Despite those objections, the same combination of parishes was adopted for the Poplar District Board of Works, created by the Metropolis Local Management Act of 1855. This provoked even fiercer resistance from the Trustees, both on the grounds of the incorporation of Poplar with Bromley and Bow, and the imposition of a more restricted franchise in the election of the members of the District Board than that which applied in the choice of Trustees. Furthermore, although Poplar still had an absolute majority on the Board of Guardians, the 1855 proposals allotted it only one half of the members of the District Board. It was argued that Poplar's size and rateable value were sufficient for the parish to retain a separate status within the terms of the Act, but the point was not conceded.

The Act of 1855 removed from the Trustees their responsibility for paving, drainage, lighting and other functions comprised under the general heading of 'improving', yet the Improvement Act remained in force. Their authority thereafter was essentially the power to make and collect the rates, the upkeep of their property and the appointment of various officers.

The Metropolis Local Management Act of 1855 established a new vestry in Poplar, empowered to elect the parish's 24 members of the District Board of Works. It also took over the electoral functions of the existing vestry and Meeting of Inhabitants in respect of the choice of parish officers and the ten co-opted Trustees. Its other duties were chiefly concerned with certain powers regarding the highways and the management of the public baths and library. The parish vestry established in 1817 remained in being, shorn of many of its original functions and now concerned only with such parochial affairs as the church rate, the appointment of organist, lecturer and vestry clerk, the election of one of the churchwardens - the other was nominated by the rector - and maintenance of the rectory.

When the Metropolitan Board of Works was replaced by the London County Council in 1889 the District Boards and Metropolis Local Management Vestries continued unaltered, but they were abolished in 1900 by the terms of the London Government Act of the previous year. The boroughs created by that Act included the Metropolitan Borough of Poplar, which covered virtually the same area as the District Board of Works had done. The 1899 Act rendered obsolete the residual powers held by the Trustees under the Improvement Act of 1813, and that Act was duly repealed in 1901, but did not affect the compulsory church rate (which was 'probably the last rate of the kind in the Metropolis') and that was abolished by a separate Act in 1903. Poplar contained 35 per cent of the population and 44 per cent of the gross rateable value within the new borough, and its five electoral wards contributed 15 of the 42 members of the Borough Council (there were also seven co-opted aldermen). Anomalies between the three constituent parishes in such matters as the levying of the rates created some difficulties, and so in 1907 a new civil parish of Poplar Borough was created by the merger of All Saints', St Leonard's, Bromley, and St Mary's, Stratford Bow.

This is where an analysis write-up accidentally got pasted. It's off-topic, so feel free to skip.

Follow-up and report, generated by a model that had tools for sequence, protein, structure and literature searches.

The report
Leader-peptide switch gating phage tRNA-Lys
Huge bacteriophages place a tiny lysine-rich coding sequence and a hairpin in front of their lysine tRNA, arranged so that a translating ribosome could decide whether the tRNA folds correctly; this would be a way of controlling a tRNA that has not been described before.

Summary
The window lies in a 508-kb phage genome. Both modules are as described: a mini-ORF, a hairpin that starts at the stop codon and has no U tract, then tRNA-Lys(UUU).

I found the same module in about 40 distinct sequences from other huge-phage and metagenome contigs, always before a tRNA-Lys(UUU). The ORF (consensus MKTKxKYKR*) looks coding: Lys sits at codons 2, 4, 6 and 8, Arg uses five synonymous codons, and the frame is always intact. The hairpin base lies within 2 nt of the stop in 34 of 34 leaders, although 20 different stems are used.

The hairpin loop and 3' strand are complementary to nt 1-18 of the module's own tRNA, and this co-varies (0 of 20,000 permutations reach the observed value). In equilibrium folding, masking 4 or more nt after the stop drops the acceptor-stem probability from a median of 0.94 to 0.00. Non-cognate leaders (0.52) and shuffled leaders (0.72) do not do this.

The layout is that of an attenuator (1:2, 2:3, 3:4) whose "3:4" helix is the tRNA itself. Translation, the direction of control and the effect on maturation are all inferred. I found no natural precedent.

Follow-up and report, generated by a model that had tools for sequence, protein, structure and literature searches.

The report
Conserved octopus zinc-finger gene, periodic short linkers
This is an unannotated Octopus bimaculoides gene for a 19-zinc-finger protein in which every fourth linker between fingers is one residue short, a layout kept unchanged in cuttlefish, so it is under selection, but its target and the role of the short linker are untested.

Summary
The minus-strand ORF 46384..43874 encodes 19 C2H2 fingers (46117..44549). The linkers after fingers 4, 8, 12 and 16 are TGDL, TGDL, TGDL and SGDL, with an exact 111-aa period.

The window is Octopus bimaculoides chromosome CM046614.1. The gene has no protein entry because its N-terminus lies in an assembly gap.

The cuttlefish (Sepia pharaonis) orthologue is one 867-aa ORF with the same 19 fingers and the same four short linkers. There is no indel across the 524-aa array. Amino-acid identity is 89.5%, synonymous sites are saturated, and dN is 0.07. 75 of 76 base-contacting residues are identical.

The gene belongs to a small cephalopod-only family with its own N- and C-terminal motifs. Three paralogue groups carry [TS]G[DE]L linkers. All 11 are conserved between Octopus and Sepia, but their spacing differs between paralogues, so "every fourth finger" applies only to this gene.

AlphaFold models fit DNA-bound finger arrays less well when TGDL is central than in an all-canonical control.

[The foregoing administrative history is adapted from the section, "Administrative History" in Chapter 1 of the Survey of London vols XLIII - XLIV Poplar, Blackwall and the Isle of Dogs, the Parish of All Saints (Athlone Press, 1994).]
Related MaterialFrom 1855, many of the civil 'local authority' functions of the parish were inherited by the Poplar District Board of Works (ref: L/PBW).

For burial and monumental inscriptions relating to Poplar Chapel before it became St Matthias' Church (see P/MAS/2/1 and P/MIS/475-476).

The parochial place of worship parish records for All Saints, Poplar and St Matthias, Poplar including parish registers recording baptisms, marriages and burials are held by London Metropolitan Archives (collection references: P88/ALL1 and P88/MTS).

Digital copies of the parish registers are available to search on Ancestry.co.uk, the online database of family history records.
Access StatusOpen